For Esmé with Love and Squalor
How we cite our quotes:
I remember standing at an end window of our Quonset hut for a very long time, looking out at the slanting, dreary rain, my trigger finger itching imperceptibly, if at all. I could hear behind my back the uncomradely scratching of many fountain pens on many sheets of V-mail paper. (4)
This brief passage instantly debunks any myths we may have of eager, gung-ho soldiers who can't wait to see battle – these soldiers are bored, not looking forward to fighting, and more interested in writing letters home than singing war songs and looking forward to action.
I told her that I'd never written a story for anybody, but that it seemed like exactly the right time to get down to it.
She nodded. "Make it extremely squalid and moving," she suggested. "Are you at all acquainted with squalor?"
I said not exactly but that I was getting better acquainted with it, in one form or another, all the time, and that I'd do my best to come up to her specifications. We shook hands. (100-102)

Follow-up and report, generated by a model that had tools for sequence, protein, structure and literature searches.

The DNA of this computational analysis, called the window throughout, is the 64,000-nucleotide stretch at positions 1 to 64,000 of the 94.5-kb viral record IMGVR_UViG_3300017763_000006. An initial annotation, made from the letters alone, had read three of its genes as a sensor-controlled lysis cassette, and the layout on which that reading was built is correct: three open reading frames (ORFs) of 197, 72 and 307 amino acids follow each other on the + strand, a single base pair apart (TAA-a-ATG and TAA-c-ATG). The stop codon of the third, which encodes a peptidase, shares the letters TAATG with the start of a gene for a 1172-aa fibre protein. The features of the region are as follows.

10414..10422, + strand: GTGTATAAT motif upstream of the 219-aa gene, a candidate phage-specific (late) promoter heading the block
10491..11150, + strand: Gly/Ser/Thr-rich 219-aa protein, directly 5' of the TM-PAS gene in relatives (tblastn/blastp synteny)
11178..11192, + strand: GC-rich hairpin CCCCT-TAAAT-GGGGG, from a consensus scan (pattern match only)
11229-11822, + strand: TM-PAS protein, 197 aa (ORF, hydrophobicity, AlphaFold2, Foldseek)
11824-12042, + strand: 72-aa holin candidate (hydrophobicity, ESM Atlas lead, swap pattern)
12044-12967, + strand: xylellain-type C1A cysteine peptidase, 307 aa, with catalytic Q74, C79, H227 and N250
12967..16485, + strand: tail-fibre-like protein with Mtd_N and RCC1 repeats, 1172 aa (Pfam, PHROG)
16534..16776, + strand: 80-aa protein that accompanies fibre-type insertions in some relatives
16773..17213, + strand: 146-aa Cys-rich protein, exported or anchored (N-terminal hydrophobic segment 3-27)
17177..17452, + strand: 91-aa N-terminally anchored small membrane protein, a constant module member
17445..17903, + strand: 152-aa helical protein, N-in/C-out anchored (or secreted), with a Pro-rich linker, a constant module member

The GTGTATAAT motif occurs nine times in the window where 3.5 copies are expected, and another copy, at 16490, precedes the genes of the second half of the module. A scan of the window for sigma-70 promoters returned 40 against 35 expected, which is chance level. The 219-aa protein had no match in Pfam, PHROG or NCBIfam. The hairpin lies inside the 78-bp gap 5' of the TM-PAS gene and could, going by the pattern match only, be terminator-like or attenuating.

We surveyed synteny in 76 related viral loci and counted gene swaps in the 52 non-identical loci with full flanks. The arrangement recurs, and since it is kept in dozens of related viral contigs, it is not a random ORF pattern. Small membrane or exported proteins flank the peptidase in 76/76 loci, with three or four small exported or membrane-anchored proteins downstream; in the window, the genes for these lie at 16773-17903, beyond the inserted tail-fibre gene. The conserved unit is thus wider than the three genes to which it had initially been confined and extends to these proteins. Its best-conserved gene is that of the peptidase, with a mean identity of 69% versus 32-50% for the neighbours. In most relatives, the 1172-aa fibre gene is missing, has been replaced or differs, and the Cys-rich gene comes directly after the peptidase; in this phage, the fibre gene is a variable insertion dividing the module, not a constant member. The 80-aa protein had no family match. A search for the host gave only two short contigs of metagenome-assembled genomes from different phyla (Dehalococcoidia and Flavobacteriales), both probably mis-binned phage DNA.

Of course the narrator is getting better acquainted with squalor – after all, he is in a war, and, in this story, war = squalor.
"Goodbye," Esmé said. "I hope you return from the war with all your faculties intact." (103)
This seems like a faintly grim thing to say – as though the best to hope for is returning with one's faculties merely intact. However, Esmé doesn't mean for it to be interpreted this way; coming from her, it's the equivalent of "Good luck!" However, we can't help but think of it the first way, which is fairly accurate.